When choosing a canary nest for your breeding canaries consider your options, nest placement, and use of nesting materials.
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NEST OPTIONS or CONSTRUCTION MATERIALS
In the world of canary bird nests you primarily have 4 choices in construction materials...Bamboo, Sticks, Plastic, and Metal.
I have used both bamboo and plastic but have not had the opportunity to try metal or stick.
My assumption is that if my canaries were to choose, they would choose the one that is most like the nests built by wild canaries in the Canary Islands and that is the stick or bamboo nests.
The plastic nest, however,
is much easier to clean than bamboo and will last a lot longer.
And cleanliness is important. The hen and babies will poop in and around the edges of the nest. Keep it clean and keep your birds healthy.
It may cost you a little more than the bamboo nest but you will save money in the long run.
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Nesting materials for breeding canaries can include a nest liner usually made of cotton or felt. Liners are not absolutely necessary but sometimes hens are just not very good at building a quality canary nest and need a bit of help. Liners provide that help.
When using gunny sack, cut it into 2 inch squares and pull out the individual strings. Place in the cage.
You can take a roll of bathroom tissue that is almost used up. Tie a string around it so it can't unroll and place in the cage or tie to the outside of the cage. Your canary will have fun tearing off bits for her nest. In fact...
...even if you have no intention of breeding canaries I suggest providing nesting material of some kind in the cage (like the items below) so your canary bird has something to play with. Canaries like to pick things up and carry it around so it's just another part of providing good canary care and making sure your bird doesn't get bored.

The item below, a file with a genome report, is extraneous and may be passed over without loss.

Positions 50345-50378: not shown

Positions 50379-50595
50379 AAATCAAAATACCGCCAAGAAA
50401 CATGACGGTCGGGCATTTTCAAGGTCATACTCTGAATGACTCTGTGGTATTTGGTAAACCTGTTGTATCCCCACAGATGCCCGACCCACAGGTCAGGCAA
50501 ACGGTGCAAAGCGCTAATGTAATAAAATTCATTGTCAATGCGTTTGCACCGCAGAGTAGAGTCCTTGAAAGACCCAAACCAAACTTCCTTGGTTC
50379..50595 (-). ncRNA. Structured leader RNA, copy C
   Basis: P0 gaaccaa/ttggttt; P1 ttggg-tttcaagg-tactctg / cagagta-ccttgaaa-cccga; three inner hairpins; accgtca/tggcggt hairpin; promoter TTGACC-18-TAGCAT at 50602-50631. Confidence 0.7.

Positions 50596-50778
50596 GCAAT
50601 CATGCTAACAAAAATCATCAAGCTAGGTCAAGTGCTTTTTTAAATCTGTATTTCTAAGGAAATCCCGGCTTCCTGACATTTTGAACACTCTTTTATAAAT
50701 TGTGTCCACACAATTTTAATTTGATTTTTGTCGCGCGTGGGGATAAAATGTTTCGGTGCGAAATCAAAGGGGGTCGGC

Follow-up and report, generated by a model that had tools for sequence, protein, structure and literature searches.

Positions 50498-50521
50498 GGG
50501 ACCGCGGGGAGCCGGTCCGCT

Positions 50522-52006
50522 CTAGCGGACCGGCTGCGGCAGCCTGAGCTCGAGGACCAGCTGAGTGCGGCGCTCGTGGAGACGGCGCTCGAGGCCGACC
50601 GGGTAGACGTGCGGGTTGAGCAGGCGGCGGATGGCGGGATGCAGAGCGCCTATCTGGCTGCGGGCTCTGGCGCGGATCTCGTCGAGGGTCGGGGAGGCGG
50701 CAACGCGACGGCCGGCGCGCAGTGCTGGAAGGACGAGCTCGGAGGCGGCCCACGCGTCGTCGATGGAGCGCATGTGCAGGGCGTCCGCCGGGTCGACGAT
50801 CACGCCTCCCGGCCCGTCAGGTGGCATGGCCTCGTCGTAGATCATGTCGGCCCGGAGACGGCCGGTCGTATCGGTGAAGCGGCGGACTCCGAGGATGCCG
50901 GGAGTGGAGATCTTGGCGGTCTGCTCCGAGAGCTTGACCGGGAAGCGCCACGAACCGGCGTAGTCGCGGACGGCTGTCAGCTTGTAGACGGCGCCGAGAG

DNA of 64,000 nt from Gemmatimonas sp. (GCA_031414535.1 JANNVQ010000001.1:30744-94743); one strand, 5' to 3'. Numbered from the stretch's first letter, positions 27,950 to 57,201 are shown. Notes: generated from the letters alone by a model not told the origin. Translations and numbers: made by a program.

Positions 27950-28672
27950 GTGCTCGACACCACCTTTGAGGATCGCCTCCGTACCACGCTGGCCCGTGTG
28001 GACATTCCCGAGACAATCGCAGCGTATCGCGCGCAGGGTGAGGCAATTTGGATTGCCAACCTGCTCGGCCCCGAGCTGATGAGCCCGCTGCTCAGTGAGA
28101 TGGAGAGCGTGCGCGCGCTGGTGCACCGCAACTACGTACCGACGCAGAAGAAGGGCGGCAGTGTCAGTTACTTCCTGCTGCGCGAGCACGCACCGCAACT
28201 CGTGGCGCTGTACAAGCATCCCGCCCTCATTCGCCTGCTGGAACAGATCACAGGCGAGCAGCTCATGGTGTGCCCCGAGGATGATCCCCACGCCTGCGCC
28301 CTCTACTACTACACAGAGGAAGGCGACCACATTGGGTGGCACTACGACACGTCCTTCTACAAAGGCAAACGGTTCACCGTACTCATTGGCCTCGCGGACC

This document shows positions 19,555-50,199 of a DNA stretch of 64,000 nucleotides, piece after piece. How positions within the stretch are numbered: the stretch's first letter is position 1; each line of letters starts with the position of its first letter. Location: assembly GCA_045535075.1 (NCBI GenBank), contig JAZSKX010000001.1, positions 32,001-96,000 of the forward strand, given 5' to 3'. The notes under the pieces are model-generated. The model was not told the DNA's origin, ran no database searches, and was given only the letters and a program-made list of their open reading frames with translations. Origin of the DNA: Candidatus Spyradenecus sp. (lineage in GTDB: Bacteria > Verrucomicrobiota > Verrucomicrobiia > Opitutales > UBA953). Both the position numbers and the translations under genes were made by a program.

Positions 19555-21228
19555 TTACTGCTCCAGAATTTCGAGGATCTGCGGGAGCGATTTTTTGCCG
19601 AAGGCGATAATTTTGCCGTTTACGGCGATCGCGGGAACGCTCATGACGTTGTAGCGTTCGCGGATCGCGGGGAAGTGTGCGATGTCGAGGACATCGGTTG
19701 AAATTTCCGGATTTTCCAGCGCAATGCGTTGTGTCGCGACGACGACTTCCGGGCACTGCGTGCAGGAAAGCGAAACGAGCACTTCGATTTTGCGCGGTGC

Of course, cutting up nesting materials can be time consuming. Thankfully online stores usually carry nests and prepared nesting materials.
PLACEMENT OF THE CANARY NEST
Place the nest in the cage, attached to the bars, but make sure it is not directly under a perch or near a feeding or water dish.
Your canary bird hen will appreciate a little space of her own. If possible place the nest toward the top of the cage near a corner. She will feel safest here.
Be careful...don't place the canary nest so high she can't enter and exit easily. Keep the top of the nest at least 4 inches from the top of the cage. This will give her room to go in and out and also enough room to stand up and turn around in the nest.
Obviously, if she looks like she is crowded against the top of the cage move the nest down a bit.
Make sure the canary nest is secure and level. The last thing you want is to have your baby canaries falling to the floor of the cage.
Provide 2 canary nests per pair of breeding canaries. Before the first chicks leave the nest the female will begin a new 2nd nest.
Feed your canaries well during breeding time. The hen especially needs lots of nutrients to avoid illness and to produce eggs and care for the babies.
Make sure there are enough nesting materials available for her to build the 2nd nest...otherwise she may pluck feathers from her babies and use that in her 2nd canary nest! OUCH.
Technically, you can make your own nest out of a lightweight bowl of some kind as this canary nest page suggests.
Just be careful and make sure the nest is full supported so that it doesn't ever sag on one side or fall down.
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I have a walk-in simple wire enclosed cage apx 5 feet in diameter and 6ft high. I keep 14 canaries even during the winter in the outside cage and …